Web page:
Senior Curator, Marine Invertebrates
Julian Finn diving with a camera.
Source: Museum Victoria
Dr Julian Finn has 15 years experience in marine invertebrate research (primarily studying cephalopods - octopuses, squids, cuttlefishes and nautiluses) and is involved in diverse projects revealing and promoting Victoria’s unique marine environment.
For over a decade Julian has conducted marine invertebrate research from the tropics of Indonesia and Baja California to the shores of Antarctica. Julian has spent thousands of hours diving underwater collecting and photographing new species. He has tracked cephalopods using radio acoustic positioning telemetry, conducted blue and black-water-hangs (hanging under the boat in open-ocean, during the day and night), designed, constructed and deployed specialist light traps for capturing planktonic fauna and spent many months on ocean voyages collecting and studying deep sea life.
Julian has discovered and described new species and genera, reported novel behaviours in octopus and cuttlefish and even described how dolphin master-chefs prepare their cuttlefish meals.
Julian’s cephalopod research has received intense media attention. A recent study describing tool use in octopus was covered by over 500 websites with the story on BBC receiving 1.3 million views in the first days alone. When posted on YouTube, Julian’s footage received over 1 million views in the first weeks and remains amongst the ‘Most Discussed’, ‘Most Viewed’, ‘Top Favorited’ and ‘Top Rated’ Australian Science & Technology stories of all time.
Julian has worked as a freelance cameraman and scientific consultant on over 30 international documentaries shooting stories in diverse locations including Japan, Indonesia and Mexico. Julian’s footage has appeared on all Australian TV channels and featured in documentaries produced by BBC (UK), National Geographic (USA) and NHK (Japan).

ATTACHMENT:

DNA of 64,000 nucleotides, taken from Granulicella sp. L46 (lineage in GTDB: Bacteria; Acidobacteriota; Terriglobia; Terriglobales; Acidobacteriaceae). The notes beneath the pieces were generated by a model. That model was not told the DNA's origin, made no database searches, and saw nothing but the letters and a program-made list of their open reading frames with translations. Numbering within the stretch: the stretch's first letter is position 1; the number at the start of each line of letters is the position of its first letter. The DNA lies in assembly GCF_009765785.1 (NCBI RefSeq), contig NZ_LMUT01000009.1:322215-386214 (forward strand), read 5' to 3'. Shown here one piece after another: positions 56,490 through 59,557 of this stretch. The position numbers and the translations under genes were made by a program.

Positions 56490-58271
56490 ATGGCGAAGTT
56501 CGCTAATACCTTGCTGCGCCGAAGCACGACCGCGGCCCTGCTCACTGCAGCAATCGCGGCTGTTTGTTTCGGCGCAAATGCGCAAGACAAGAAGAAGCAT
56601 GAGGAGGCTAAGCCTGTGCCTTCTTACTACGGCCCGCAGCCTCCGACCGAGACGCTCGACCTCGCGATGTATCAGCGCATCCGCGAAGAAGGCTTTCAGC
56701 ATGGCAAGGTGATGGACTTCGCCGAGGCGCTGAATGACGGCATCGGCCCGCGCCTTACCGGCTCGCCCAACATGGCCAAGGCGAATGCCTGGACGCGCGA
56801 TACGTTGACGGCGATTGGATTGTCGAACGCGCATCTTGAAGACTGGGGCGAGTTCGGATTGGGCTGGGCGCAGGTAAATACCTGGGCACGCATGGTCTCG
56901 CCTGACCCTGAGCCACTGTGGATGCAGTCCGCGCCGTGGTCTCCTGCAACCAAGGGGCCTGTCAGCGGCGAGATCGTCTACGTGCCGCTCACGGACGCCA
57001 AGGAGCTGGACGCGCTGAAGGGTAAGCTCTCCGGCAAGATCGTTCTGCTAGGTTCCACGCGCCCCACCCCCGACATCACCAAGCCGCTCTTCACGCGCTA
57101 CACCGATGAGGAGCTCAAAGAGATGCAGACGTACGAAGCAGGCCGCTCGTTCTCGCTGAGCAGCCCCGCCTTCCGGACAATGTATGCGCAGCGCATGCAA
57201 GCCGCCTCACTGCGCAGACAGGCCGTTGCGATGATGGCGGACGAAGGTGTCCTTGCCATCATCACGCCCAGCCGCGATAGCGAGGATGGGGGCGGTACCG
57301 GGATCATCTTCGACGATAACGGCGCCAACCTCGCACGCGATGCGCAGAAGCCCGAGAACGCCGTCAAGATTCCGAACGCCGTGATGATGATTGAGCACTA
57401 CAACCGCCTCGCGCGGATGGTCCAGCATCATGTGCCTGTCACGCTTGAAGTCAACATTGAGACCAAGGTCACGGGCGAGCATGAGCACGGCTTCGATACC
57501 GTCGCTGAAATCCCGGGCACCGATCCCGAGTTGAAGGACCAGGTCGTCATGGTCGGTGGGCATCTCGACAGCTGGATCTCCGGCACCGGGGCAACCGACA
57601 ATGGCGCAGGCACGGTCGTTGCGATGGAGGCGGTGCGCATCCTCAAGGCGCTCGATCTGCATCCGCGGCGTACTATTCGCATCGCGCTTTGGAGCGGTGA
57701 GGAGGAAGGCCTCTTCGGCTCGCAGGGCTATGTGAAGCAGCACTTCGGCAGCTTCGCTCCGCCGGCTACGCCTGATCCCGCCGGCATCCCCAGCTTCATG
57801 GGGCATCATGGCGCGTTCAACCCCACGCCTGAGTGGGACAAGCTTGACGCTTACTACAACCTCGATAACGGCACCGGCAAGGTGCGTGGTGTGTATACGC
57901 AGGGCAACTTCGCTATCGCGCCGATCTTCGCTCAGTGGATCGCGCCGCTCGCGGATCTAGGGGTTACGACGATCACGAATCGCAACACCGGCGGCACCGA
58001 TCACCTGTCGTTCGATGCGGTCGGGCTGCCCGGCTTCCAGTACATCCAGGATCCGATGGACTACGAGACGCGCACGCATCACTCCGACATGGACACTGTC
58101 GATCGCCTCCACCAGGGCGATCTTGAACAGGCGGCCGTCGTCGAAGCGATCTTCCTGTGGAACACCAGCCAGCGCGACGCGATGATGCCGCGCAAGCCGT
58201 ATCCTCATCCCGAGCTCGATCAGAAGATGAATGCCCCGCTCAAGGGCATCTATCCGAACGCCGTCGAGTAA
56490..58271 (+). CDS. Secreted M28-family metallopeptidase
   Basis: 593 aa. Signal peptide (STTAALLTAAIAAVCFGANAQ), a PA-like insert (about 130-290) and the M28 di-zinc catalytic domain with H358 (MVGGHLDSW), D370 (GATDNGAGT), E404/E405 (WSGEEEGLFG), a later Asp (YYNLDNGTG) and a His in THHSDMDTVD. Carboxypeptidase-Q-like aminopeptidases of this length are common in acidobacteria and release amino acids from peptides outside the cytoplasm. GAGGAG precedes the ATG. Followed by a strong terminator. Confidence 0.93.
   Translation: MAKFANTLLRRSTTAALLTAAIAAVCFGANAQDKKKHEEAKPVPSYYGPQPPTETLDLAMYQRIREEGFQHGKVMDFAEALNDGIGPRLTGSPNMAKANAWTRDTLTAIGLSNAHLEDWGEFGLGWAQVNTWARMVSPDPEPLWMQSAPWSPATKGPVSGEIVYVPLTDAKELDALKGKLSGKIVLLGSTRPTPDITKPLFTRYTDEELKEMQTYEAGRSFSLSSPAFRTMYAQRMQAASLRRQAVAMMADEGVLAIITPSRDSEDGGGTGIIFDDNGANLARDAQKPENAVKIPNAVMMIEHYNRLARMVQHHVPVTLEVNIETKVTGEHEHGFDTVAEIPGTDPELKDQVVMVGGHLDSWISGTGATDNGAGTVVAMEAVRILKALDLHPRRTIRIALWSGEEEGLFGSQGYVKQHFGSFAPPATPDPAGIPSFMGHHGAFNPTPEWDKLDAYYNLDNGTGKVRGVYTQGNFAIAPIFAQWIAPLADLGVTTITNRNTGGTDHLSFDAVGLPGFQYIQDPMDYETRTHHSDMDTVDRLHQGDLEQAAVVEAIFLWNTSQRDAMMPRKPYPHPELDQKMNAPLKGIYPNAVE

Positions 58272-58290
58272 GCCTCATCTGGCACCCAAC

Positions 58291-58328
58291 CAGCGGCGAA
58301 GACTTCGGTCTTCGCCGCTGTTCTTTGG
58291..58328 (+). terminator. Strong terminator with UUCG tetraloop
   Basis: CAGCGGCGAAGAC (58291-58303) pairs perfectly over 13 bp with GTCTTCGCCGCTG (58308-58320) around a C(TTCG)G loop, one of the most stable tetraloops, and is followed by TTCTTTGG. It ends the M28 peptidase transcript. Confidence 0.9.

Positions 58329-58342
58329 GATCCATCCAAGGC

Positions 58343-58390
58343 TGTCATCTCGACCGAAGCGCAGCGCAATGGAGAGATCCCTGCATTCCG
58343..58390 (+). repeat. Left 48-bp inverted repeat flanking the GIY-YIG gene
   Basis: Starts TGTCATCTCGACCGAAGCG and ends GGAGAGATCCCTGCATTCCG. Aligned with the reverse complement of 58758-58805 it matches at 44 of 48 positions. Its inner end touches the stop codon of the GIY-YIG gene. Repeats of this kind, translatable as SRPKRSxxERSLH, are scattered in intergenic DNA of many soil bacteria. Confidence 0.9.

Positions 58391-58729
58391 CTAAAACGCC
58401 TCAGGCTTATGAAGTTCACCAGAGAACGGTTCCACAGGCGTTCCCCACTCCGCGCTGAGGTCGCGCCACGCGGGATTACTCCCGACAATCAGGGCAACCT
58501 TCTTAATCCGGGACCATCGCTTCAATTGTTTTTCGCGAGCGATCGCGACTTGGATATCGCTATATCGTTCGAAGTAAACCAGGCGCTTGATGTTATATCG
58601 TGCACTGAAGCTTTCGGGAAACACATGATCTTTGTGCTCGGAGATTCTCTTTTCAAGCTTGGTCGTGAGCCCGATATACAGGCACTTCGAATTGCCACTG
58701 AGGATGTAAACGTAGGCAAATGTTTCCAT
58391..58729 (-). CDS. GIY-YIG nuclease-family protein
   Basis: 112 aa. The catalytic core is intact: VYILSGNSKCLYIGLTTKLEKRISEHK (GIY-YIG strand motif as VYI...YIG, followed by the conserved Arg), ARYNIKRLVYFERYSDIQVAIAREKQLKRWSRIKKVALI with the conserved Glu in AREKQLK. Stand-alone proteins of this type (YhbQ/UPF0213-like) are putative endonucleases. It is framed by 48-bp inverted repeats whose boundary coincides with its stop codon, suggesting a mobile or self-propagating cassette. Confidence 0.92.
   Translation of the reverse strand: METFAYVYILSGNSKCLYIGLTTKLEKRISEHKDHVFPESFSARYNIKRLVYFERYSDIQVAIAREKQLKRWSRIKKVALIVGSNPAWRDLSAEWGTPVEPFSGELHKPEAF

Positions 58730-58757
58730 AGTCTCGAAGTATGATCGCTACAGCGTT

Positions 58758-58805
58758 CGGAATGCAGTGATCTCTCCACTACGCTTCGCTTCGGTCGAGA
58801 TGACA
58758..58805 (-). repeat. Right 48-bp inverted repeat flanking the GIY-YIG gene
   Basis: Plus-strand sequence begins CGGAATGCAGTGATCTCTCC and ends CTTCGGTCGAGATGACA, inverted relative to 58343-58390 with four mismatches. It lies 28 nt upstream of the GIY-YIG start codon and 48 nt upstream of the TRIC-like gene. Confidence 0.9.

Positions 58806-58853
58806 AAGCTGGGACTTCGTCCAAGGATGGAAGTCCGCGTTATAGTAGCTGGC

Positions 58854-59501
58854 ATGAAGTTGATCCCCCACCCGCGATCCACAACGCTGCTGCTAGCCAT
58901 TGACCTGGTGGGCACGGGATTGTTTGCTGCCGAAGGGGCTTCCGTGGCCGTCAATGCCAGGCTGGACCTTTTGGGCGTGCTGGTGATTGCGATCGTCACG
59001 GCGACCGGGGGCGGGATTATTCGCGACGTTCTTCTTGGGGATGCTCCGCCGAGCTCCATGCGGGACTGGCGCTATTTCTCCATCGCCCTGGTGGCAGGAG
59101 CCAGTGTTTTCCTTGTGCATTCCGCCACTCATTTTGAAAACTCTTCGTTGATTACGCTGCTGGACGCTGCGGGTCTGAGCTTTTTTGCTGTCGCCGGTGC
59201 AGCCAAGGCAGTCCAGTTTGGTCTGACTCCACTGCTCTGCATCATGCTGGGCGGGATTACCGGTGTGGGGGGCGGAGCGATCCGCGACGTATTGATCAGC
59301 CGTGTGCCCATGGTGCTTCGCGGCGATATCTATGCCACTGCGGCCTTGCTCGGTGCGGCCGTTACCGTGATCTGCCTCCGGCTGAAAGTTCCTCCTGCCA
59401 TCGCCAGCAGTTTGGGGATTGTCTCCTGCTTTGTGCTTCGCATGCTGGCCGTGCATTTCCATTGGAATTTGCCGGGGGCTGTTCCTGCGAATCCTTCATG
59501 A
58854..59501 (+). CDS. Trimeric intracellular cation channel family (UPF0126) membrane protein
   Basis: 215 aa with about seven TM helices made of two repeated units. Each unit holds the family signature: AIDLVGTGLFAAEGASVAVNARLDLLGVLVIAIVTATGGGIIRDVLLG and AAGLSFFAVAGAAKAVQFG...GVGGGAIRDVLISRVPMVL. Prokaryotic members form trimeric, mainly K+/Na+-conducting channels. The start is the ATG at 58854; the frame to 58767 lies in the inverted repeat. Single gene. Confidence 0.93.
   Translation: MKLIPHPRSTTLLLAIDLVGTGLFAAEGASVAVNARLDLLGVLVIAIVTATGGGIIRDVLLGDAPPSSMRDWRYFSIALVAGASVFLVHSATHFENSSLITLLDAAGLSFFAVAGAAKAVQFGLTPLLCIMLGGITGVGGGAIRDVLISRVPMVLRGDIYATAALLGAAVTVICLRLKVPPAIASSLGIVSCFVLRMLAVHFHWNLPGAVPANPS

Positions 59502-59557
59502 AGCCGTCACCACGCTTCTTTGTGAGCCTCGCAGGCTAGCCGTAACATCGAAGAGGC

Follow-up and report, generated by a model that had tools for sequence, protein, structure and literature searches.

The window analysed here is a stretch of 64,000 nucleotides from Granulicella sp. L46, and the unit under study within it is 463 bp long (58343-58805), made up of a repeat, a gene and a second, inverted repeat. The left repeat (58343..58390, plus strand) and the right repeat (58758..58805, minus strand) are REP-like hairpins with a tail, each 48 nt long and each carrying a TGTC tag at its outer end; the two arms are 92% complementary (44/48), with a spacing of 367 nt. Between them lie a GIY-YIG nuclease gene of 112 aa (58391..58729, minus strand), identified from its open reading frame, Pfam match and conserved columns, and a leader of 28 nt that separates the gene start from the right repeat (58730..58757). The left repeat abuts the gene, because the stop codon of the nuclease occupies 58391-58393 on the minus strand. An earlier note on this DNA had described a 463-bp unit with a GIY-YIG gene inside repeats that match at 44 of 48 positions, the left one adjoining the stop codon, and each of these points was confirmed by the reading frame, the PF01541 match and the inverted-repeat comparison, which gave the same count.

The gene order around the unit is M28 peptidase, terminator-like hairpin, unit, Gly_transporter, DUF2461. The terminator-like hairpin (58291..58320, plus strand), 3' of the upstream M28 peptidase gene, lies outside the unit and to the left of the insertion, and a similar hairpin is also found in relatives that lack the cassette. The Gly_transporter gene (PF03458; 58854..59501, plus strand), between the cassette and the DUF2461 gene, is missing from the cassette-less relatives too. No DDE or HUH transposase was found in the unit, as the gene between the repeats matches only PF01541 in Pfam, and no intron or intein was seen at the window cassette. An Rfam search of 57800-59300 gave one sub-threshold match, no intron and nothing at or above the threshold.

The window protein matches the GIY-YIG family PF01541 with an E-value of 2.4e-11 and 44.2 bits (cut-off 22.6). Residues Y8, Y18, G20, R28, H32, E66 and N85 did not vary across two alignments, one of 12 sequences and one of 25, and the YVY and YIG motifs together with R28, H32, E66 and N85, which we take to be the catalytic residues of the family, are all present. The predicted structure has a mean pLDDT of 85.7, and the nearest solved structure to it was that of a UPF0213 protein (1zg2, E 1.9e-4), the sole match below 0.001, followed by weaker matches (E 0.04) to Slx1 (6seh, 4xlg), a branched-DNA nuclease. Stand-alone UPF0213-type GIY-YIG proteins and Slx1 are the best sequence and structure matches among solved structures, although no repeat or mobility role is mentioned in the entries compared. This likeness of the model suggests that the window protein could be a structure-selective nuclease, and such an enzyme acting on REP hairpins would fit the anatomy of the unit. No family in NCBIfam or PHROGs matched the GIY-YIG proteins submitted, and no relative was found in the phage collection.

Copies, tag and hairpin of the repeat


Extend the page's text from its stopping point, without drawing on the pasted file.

Julian is an avid underwater stills photographer with a passion for macro (close-up) photography. Julian took the majority of the underwater images in Museum Victoria’s Marine Life Exhibition and his images feature in marine field guides and publications produced by Museum Victoria.
Systematics and biology of the argonauts or ‘paper nautiluses’ (Cephalopoda: Argonautidae)
Julian’s PhD research (conducted through Museum Victoria and La Trobe University) examined a family of open-octopuses known as argonauts (or ‘paper nautiluses’). Julian reviewed thousands of years of literature, examined specimens in museums around the world and dived intensively to gain an understanding of these mysterious marine creatures. Julian is currently writing scientific papers about his findings.
Under the Lens – documenting and promoting Victoria’s marine parks
In collaboration with Parks Victoria, Julian is documenting the biodiversity of Victoria’s marine parks through regular photographic surveys. Julian is taking underwater imagery (photographs and video) to document the park’s inhabitants and aid in the understanding, promotion and protection of Victoria’s marine life.
Museum Victoria guides to marine life
Julian is authoring guides to marine gastropods and cephalopods, and coauthoring a guide to sponges. Julian’s underwater images feature in the published guides An Introduction to Marine Life (2008), Crabs, Hermit Crabs and Allies (2008), Barnacles (2009) and Shrimps, Prawns and Lobsters(2009).
Museum Victoria diving operations
Julian oversees diving operations at Museum Victoria, assisting staff and students with diving research and ensuring that safe diving practices are implemented.
Museum Victoria animal ethics
Julian has been working in association with Museum Victoria’s Animal Ethics Committee, to author The Standard Operating Procedures for the Ethical Use of Live Aquatic Animals (fishes, cephalopods and decapod crustaceans) by Staff and Associates of Museum Victoria.
Last updated 5 Feburary 2013